Why Equal Marriage matters to youth work

Hugh Torrance, Youth Work Director, LGBT Scotland LGBT Hugh Torrance

It matters because we’re not there yet.  For those who have been involved in the Equal Marriage Bill, it feels as though the debates and the discussion have gone on an eternity.  Next week, there is a final debate in the Scottish Parliament which for some will be a last minute opportunity to undermine equality, therefore it is crucial to ensure that we work until the final whistle to secure the best possible outcome.

It matters because it matters to young people.  Our young people and our National Youth Council have campaigned for Equal Marriage for a long time, and, unsurprisingly, they were ahead of the curve in their campaigning efforts. It’s been wonderful to be a part of a process where young people are seeing the fruits of their labour, and seeing in action that engaging in such processes really can make a difference and create lasting change.

LGBT bannerIt matters because it provides a great opportunity to raise the discussion of LGBT equality within your service or your youth group.  There will be LGBT young people already accessing your service.  You may know who some of them are, and there may be some who are not yet out and wondering whether they are in a safe enough place to be out.  There will also be some young people in your service with deep rooted attitudes which may never be addressed in other settings in their lives.  This is important when you consider the impact of not feeling safe to come out, or being bullied, such as over 40% of LGBT young people considering themselves to have mental health issues.[i]

It matters because Equal Marriage is not equality. It is important that we see Equal Marriage as an important leg of the journey and not as a destination point.  Clearly it is a hugely important step towards legislative reform for LGBT people, but it will take much more work to change the hearts and minds of many in Scottish society.  Whilst LGBT young people fully embrace Equal Marriage, time and again, their number one priority is safety at school, and barrier free access to education.  69% of lesbian, gay and bisexual young people and 77% of transgender young people experience homophobic, biphobic or transphobic bullying in Scottish schools[ii]  These figures are staggeringly high, and it would be naïve to think that the introduction of Equal Marriage means that LGBT young people will no longer be bullied on the basis of their sexual orientation or their gender identity.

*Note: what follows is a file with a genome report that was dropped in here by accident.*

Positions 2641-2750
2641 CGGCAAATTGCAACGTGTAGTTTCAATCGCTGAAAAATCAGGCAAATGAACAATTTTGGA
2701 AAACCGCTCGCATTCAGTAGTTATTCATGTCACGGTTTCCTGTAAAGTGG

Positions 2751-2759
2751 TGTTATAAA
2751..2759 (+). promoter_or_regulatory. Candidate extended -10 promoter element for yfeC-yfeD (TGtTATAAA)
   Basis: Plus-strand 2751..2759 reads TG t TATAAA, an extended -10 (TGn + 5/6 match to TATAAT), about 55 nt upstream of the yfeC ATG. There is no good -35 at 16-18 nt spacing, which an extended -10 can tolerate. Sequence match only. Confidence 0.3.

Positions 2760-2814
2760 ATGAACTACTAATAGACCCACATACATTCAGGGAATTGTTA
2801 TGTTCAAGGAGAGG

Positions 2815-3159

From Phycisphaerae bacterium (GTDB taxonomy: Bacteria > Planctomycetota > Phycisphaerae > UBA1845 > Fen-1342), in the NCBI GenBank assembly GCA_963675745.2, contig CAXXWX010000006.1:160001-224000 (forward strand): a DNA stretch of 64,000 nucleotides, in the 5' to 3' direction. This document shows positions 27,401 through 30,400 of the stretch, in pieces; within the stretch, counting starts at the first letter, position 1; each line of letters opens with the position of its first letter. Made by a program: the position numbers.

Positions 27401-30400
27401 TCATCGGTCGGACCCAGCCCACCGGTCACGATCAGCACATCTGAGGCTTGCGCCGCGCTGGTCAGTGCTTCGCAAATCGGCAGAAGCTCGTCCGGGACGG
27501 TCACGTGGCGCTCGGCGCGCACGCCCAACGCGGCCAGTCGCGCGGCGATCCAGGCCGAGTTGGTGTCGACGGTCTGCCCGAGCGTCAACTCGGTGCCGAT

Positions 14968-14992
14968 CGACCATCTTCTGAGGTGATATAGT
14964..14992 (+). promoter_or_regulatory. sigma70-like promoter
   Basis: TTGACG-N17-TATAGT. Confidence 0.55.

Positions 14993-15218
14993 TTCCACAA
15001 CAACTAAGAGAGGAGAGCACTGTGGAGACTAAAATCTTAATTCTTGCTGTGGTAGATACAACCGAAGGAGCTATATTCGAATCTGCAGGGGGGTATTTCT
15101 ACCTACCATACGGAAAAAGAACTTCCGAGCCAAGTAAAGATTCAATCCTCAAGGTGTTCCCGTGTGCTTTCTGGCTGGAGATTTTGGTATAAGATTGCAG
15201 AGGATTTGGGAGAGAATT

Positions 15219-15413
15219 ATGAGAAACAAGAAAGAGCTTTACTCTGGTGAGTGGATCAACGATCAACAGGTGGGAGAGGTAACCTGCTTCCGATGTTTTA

It matters because this is an issue for everyone.  Many non LGBT young people experience homophobic and transphobic bullying based on perceptions of their sexual orientation and gender identity[iii].  We work in many schools across the country, and we have seen increasing numbers of non LGBT young people coming forward as peer educators in school, wanting to get involved to support their LGBT friends and peers, and asking us what kind of action they can take. LGBT march

It matters because youth work is best placed to use our unique approach of partnership with young people to be able to deliver social justice work with young people, and therefore this is an opportunity to make Scotland fairer, as well as to build a strong, just and equal youth work sector.  Whilst there are debates growing across the country about the kind of Scotland we want to live in, we must remember that part of that issue is about equality and human rights and indeed, health and wellbeing outcomes[iv] will not be fully realised unless young people have such opportunities to learn.  In this context, Equal Marriage presents a rich opportunity to raise those issues in an informal learning environment with young people.

It matters to our workforce.  I have to declare my own interest here as this is an issue which has set me apart from colleagues in the past.  I’ve sat with other partners around the table, knowing that I’m part of a minority group where my partnership is less valued than the relationships of my married colleagues.  Despite the often supportive individual views of partners and colleagues, our society still sees LGBT relationships as less valid and the importance of this to your colleagues should not be underestimated.

This is not just an issue which matters to equality focused youth work organisations such as LGBT Youth Scotland, or just to organisations campaigning for change such as Scottish Youth Parliament.  This is an issue and an opportunity for each and every youth group across the country.  We have a responsibility to get it right for every Scottish child and young person, so let’s take this opportunity to do so.

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